Remainder theorem

**Zeros of polynomials:**

The value of a polynomial at

e.g. Find the value of at .

Sol. On putting in given polynomial , we get

This implies .

Thus value of at is 12.

We say that a zero of a polynomial is a number such that . It means is zero of a polynomial if the value of that polynomial at is zero.

The zeros of polynomials is obtained by equating the given polynomial . We say is a polynomial equation and is root of the polynomial equation .

Let be a constant polynomial, then .

Now replace with any number we still get . This implies constant polynomials has no zeros. In case of zero polynomial , every real number is a zero of the zero polynomial.

**Important observations**:

(i) Every linear polynomial has one and only one zero.

Let be a linear polynomial,

then means .

So is the only zero of .

i.e. a linear linear polynomial has one and only one zero.

(ii) A zero of polynomial need not be 0.

e. g. The zeros of are -2 and 2.

(iii) 0 may be a zero of polynomial.

e.g. Take

(iv) A polynomial can have more than one zero.

**Division algorithm in polynomials:**

When we divide two numbers, we always get

Dividend =(divisor x quotient)+remainder, where . When remainder becomes zero, we say divisor and quotient both are factors of dividend.

Now, let two polynomials and . Divide by

{ Steps to divide a polynomial by a non-zero polynomial

- First, arrange the polynomials (dividend and divisor) in the decreasing order of its degree
- Divide the first term of the dividend by the first term of the divisor to produce the first term of the quotient
- Multiply the divisor by the first term of the quotient and subtract this product from the dividend, to get the remainder.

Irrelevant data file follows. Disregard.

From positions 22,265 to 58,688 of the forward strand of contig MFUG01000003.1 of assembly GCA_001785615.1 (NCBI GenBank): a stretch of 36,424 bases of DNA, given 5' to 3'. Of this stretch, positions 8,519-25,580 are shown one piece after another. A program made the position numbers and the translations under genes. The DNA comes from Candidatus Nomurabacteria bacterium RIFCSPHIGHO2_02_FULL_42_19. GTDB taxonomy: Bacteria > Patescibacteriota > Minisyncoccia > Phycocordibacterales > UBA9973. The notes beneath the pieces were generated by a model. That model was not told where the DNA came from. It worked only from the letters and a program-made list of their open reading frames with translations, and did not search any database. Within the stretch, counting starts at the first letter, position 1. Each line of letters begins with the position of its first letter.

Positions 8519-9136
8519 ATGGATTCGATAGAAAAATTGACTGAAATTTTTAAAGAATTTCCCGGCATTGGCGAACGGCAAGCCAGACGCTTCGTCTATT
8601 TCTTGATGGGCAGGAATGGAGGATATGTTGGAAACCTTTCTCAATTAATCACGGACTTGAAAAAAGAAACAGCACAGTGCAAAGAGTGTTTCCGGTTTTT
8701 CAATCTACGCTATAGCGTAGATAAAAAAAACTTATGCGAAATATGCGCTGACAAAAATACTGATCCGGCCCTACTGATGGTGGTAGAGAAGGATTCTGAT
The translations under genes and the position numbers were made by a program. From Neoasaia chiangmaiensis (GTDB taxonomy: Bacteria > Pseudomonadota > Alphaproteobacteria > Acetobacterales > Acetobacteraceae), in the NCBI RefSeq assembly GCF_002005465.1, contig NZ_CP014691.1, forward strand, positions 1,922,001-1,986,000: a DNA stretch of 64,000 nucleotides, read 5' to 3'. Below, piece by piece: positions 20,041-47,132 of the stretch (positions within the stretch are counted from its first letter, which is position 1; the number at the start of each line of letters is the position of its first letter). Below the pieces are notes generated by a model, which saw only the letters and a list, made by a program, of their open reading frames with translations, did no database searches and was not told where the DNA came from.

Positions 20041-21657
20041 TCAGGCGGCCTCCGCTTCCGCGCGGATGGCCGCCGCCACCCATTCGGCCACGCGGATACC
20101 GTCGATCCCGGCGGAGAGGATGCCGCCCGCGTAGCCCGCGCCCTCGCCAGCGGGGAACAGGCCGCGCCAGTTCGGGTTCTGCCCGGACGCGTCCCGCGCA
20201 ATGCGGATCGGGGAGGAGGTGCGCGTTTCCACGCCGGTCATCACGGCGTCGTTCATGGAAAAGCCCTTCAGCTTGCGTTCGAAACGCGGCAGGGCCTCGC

- This remainder is the dividend now and divisor will remain same
- Again repeat from the first step, until the degree of the new dividend is less than the degree of the divisor.}

Now

Hence where .

In general , If and are two polynomials such that and , then we can find a polynomial as quotient and as remainder, where or .

In the above example the divisior is a linear polynomial . In such a situation there is a way to find the remainder called **Remainder Theorem.**

**Remainder theorem**

Let be any polynomial of degree greater than or equal to one and let be any real number. If is divided by the linear polynomial , then remainder is .

Proof. Let be any polynomial of degree greater than or equal to 1. Suppose is divided by then by using division algorithm theorem , can be written as

since degree of degree of , this implies degree of =0 ( degree of )

(a constant polynomial)

In particular if then which proves the theorem.

**e.g. Find the remainder when is divided by .**

Sol. Here and zeros of is 1.

so

=

Hence by the remainder theorem , the remainder is 2.

**Also Read: **

- Polynomials : Definition, Types of polynomials and Examples, Degree of a polynomial
- Relationship between Zeros and coefficients of a Polynomial